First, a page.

College Hockey:
No. 12 Northeastern, No. 9 Maine Settle for 1-1 Stalemate

Huskies and Black Bears Salvage One Point Out of Weekend

— It was a game that Tigran Petrosian would have been proud of.

Petrosian, the World Chess Champion in the early sixties, was famous for playing a style that frequently resulted in the chess equivalent of a low-scoring tie. Many other grandmasters accumulated more wins, but he was almost impossible to beat.

So it was at Matthews Arena as Maine and Northeastern played risk-free hockey to a 1-1 tie, playing a waiting game of who would make the first mistake. Holding back on the all-out attack, they pushed the pawns of dump-and-chase hockey and flipping the puck out of the defensive zone into neutral ice at the first sign of trouble.

“It was a chess game,” said Maine coach Shawn Walsh. “Nobody wanted to make a mistake. It was really like a playoff kind of game. That’s the beauty of Hockey East. The points are so hard to come by.

“It was a good road effort against a very good team that plays well at home. We got swept here last year and we were a Final Four team. This is a tough place to play, so I’m pleased.”

For Maine, the Petrosian-like approach was born out of the 2-3-1 record it brought into the game.

“Our style was because I’m getting sick of us outshooting teams, 2-1, and getting nothing to show for it,” he said. “Our goalie sits in his end without any shots and then he gets a high-quality one and it’s tough for him.

“So we backed off and didn’t forecheck until the overtime. I thought we limited their real high-quality chances until our defense got a little tired. I liked the way we played.”

Northeastern’s Petrosian posture was dictated by its opponent.

“The one thing with Maine is that they’re a very good transition team,” said NU coach Bruce Crowder. “One of the things we told the guys before the game is that we can’t have danger-zone turnovers. That’s one of the things they capitalize on. They’re a team that can really hurt you that way if you’re not careful.”

Despite the risk-free style, the game was anything but boring. Both teams had lost one night earlier — Northeastern to Boston College and Maine to Providence — raising the stakes. Neither team wanted to emerge from the weekend with a goose egg, although Northeastern’s performance at BC had been so poor that it arguably had more to prove.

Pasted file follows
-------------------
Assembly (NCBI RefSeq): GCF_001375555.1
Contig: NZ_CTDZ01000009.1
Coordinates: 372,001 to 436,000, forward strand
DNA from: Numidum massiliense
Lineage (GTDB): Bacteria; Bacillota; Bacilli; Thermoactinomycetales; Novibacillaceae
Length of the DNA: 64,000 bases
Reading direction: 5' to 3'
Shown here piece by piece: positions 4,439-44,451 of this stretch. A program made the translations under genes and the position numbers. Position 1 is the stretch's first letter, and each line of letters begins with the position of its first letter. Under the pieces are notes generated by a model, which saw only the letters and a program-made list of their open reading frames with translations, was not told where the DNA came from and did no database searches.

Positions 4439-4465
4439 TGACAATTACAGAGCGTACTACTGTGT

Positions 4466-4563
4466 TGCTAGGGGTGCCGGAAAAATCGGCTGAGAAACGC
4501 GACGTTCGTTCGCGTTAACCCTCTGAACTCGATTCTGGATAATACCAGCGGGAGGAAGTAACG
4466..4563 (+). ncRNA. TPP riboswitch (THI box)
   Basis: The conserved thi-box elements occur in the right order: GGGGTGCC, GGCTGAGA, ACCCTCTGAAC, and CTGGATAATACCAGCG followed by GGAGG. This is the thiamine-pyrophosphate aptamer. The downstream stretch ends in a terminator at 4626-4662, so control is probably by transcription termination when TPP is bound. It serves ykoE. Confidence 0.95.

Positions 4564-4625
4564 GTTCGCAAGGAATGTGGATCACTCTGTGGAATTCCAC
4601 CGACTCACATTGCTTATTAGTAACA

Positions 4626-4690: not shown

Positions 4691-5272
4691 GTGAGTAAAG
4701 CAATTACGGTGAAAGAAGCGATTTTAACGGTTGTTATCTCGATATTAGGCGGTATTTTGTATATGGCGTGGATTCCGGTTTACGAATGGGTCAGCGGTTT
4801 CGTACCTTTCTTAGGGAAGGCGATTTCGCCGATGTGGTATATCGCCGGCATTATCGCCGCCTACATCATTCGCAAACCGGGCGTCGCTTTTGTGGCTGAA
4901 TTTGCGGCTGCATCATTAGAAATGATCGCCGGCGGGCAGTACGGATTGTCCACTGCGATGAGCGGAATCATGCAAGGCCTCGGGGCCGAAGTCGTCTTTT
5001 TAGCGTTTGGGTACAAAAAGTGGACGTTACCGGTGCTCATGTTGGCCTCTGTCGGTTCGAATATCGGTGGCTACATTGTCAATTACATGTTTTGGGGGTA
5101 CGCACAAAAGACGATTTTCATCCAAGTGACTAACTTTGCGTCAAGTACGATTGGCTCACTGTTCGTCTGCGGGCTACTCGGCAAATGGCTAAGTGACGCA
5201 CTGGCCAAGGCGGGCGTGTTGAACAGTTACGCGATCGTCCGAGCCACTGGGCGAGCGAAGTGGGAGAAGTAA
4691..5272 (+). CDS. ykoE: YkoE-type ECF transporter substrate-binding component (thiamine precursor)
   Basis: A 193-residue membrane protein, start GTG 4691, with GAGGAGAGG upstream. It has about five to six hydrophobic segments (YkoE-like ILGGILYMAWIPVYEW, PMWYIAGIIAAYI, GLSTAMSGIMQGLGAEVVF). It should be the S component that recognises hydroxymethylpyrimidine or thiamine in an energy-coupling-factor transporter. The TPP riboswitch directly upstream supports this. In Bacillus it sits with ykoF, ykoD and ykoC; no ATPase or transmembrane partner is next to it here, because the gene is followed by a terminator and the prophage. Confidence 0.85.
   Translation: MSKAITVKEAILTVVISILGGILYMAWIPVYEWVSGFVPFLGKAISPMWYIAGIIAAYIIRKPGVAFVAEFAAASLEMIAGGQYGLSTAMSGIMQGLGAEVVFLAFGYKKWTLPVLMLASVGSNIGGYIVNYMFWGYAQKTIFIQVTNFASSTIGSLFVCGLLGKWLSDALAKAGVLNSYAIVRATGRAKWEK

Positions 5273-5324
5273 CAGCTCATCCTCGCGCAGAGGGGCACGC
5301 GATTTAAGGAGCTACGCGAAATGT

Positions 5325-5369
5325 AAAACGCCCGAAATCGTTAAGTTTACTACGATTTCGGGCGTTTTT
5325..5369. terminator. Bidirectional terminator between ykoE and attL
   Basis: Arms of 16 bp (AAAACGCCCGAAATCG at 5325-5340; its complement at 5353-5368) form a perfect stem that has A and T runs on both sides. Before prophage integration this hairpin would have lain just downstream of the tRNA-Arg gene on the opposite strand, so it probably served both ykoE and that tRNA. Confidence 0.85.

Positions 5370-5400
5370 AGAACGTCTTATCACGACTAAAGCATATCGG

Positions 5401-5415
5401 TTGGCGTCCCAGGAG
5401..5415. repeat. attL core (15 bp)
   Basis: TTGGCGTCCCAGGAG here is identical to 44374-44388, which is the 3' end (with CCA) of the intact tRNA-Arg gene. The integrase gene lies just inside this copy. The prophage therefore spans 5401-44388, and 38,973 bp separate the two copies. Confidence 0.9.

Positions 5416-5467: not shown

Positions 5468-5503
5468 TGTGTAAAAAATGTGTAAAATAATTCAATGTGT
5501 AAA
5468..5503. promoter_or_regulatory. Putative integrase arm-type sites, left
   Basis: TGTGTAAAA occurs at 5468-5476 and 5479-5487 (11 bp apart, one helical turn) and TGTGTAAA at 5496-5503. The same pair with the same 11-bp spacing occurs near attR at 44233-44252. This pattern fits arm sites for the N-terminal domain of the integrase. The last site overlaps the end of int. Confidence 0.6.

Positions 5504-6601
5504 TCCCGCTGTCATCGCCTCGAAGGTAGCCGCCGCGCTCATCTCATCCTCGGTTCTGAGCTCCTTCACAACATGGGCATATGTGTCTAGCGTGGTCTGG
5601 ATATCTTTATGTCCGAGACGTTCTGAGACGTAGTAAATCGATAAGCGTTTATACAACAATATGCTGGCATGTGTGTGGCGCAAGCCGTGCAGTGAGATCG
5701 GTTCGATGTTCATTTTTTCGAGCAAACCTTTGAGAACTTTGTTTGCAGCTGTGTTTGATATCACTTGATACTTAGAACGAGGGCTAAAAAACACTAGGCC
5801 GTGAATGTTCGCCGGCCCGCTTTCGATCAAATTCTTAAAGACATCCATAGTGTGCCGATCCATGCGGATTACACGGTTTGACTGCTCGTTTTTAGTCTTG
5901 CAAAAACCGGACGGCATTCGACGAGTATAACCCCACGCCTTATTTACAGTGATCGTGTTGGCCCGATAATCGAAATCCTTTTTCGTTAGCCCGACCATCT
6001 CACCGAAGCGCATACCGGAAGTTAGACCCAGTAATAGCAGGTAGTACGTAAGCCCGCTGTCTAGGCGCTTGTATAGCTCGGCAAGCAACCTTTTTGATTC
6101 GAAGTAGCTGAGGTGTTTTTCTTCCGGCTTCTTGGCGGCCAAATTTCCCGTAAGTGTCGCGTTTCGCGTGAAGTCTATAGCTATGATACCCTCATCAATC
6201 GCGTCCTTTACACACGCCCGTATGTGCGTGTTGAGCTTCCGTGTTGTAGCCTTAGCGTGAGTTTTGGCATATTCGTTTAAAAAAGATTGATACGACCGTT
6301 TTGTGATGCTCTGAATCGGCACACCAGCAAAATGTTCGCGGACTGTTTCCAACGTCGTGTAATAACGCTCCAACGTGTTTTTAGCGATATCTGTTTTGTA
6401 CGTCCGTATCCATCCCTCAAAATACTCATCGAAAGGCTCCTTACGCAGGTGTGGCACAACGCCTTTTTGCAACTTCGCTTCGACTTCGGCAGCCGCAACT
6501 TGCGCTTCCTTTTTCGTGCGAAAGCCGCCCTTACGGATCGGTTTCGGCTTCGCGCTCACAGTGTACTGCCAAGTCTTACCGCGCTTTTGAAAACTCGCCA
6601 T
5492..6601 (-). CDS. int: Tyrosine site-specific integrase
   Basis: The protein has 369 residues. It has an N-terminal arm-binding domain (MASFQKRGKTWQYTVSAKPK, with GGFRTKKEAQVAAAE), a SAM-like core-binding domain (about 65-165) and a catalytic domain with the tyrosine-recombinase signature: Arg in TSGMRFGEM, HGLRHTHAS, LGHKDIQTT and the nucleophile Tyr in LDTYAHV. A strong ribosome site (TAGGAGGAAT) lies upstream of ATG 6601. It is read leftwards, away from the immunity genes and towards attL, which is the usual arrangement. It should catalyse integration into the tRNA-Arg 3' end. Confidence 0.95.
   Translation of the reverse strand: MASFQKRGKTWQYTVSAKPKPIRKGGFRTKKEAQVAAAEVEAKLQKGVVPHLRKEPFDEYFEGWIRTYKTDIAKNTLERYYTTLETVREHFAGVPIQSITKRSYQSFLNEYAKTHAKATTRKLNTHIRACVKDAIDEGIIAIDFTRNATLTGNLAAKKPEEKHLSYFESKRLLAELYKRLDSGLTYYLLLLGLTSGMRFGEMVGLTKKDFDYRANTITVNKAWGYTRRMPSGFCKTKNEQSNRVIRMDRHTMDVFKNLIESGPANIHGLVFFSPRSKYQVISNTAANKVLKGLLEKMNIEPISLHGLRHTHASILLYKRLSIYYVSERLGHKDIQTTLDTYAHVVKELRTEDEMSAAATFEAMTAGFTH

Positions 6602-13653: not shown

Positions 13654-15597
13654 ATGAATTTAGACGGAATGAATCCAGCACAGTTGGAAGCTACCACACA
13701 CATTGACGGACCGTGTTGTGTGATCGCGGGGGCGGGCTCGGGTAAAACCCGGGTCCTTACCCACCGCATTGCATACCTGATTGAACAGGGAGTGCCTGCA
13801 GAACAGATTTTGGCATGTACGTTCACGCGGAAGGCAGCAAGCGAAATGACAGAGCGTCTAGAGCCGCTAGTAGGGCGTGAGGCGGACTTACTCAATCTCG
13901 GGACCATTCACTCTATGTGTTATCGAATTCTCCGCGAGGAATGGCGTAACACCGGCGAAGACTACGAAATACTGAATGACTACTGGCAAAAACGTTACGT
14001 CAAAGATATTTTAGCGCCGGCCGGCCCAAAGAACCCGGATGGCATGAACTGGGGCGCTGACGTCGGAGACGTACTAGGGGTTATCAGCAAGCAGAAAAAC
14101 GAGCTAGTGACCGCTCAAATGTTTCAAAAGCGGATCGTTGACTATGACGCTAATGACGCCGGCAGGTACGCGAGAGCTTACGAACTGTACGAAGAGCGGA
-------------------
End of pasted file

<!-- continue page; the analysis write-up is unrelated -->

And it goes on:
“For us, it was a 180 degree [turnaround] from the team that showed up [against BC],” said Crowder. “We got some nice play out of Brian Tudrick in his first college hockey game and Joe Mancuso did a great job [in his first game this year]. [Mike] Gilhooly made some real good saves.

“So there are a lot of really encouraging things that came out of this. The only negative is that we didn’t get two points; we only got one.”

All the scoring came in the first period. Both teams got their lone goal of the night on the man advantage.

The Black Bears needed only 14 seconds on the power play to take the early lead. Matthias Trattnig ripped home a low one-timer from the right slot after taking a pass from Chris Heisten along the left boards.

Northeastern would get the next three power plays, but the first was ineffective and the second almost included a Maine shorthanded goal off a Peter Metcalf and Dan Kerluke bid.

Prior to the third man advantage, the two teams swapped almost identical opportunities off feeds to the weak side. Scott Selig deflected Mike Ryan’s pass wide while Gilhooly stopped Lucas Lawson’s attempt from Todd Jackson.

Three times proved to be a charm, however, for the Huskies’ power play. They converted at 19:34 when Ryan Dudgeon passed from behind the goal line in front and Willie Levesque fended off a defender to shovel it in.

Maine had the best chances in the first half of the second period. In the opening minutes, Heisten found Kerluke trailing the play on the left wing and hit him in stride, but Gilhooly made a quick side-to-side move and the save. The NU netminder then made a nice stop on a Trattnig shot from the slot. And at 8:50 Metcalf dropped down from the point and had lots of open net to shoot at after getting a feed from the far corner but fired wide.

Penalties dominated the second half of the period; they were almost a mirror image of the opening frame. This time Northeastern had three to Maine’s one, but had a strong shorthanded bid by Arik Engbrecht and Selig. The period ended, though, with the score still deadlocked, 1-1.

Northeastern generated the best chances early in the third period, starting with a Tudrick shot from the slot that went wide. Morrison then made two of his best saves of the night on Ryan Dudgeon.

Despite trying to avoid mistakes, the two teams’ offensive prowess still created opportunities and both goaltenders had to be at their best. This continued into the overtime when Chris Lynch and Mike Ryan tested Morrison and freshman Mike Mantenuto almost beat Gilhooly short side for the win, but missed wide.

Next week, both teams continue with Hockey East action, hosting their lone games. Maine (2-3-2, 0-1-1 HEA) faces Merrimack while Northeastern (4-2-1, 1-1-1 HEA) takes on Boston University.

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